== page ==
Why is encryption important?

As little as twenty years ago, encryption was a specialized field mostly of use in military communications. With the explosive growth of the internet, much communication now takes place in digital form. A variety of people can intercept this information as it moves from node to node across the internet. If this digital information is not encrypted, all of these people can simply read it. Even more frightening, they can easily program computers to sift through gigabytes of information for that which is of interest: If the information is protected with strong encryption, it simply cannot be read or sifted in this way. If the information is only protected with weak encryption (the sort allowed by the U.S. government), the encryption can simply be cracked, and then the eavesdroppers proceed as usual. Weak encryption slows eavesdroppers down a little, but it certainly doesn't stop them.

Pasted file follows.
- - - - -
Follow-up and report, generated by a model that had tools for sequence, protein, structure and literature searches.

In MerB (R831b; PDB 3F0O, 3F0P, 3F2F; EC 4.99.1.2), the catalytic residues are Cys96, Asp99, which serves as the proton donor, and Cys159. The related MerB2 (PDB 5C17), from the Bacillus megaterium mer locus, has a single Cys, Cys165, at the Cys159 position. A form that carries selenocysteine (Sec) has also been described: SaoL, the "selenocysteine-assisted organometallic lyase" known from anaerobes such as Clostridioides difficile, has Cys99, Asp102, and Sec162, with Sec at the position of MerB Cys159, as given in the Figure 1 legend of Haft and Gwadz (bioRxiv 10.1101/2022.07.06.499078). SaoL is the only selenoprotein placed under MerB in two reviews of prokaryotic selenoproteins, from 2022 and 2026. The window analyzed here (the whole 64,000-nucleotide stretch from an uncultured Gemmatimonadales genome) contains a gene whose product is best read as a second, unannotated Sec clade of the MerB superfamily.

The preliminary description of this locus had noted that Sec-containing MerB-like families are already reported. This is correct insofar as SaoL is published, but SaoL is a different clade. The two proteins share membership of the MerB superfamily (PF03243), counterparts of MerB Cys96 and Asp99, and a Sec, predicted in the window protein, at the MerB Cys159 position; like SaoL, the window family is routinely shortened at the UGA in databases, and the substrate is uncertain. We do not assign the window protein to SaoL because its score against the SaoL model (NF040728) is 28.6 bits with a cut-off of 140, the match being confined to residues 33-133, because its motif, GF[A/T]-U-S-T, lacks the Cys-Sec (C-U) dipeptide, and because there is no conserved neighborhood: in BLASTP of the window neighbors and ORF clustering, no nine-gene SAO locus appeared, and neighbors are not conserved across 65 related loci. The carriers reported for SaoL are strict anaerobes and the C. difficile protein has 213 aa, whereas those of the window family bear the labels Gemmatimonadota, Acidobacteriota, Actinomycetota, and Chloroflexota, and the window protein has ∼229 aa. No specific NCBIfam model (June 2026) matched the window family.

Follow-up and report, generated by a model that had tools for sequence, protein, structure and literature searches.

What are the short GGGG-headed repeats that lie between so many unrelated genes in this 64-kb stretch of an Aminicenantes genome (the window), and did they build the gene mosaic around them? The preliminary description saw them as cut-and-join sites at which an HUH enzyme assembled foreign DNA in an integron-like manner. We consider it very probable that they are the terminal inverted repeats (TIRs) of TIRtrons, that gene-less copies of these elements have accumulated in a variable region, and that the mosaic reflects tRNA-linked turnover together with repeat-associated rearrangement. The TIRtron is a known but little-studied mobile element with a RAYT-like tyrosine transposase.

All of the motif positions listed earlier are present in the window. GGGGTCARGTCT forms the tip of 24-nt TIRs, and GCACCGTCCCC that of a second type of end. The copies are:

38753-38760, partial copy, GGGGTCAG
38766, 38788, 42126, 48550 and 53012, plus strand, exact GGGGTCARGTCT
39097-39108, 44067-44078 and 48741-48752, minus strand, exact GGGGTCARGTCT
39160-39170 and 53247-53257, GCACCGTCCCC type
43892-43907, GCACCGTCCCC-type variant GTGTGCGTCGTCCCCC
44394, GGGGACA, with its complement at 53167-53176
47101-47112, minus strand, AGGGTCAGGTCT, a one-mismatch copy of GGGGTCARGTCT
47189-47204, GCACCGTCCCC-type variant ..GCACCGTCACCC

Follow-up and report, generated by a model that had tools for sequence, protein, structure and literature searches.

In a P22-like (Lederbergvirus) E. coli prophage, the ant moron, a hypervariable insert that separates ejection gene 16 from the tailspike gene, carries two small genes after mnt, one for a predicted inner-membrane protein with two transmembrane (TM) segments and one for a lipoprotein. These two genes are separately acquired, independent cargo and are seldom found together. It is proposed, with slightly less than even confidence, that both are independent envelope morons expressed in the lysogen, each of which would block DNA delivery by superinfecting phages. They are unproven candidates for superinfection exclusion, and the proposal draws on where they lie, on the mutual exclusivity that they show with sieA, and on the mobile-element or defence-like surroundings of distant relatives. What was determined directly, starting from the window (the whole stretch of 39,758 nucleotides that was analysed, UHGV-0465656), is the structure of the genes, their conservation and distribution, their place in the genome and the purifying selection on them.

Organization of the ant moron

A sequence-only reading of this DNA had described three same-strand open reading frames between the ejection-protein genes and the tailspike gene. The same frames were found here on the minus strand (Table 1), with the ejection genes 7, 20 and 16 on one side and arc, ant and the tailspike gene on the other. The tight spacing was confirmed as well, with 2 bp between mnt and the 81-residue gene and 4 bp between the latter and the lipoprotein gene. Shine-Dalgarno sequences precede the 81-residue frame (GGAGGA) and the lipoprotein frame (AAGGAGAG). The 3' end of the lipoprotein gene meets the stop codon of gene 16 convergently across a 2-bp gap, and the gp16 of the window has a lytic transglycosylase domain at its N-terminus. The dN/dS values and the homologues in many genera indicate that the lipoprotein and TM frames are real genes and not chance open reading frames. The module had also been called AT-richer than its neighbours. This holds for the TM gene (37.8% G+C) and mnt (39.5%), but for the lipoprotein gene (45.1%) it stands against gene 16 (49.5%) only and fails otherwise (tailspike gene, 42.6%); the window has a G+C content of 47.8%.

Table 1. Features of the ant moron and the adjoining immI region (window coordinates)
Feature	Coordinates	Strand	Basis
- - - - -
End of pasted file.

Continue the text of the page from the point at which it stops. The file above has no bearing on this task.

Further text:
When DIC breaks 40-bit or 48-bit bit encryption, it shows that it this level of encryption is indeed too weak to reliably protect the valuable information that is travelling over the internet. With this weak level of encryption, neither consumers nor companies will consider the internet secure enough to conduct business over it.

In fact, it is this very perception of insecurity that has held back the development of commerce over the internet.

The success of the Distributed Internet Crack in breaking 40- and 48-bit keys validates the perception of internet users: This level of encryption is, in fact, insecure.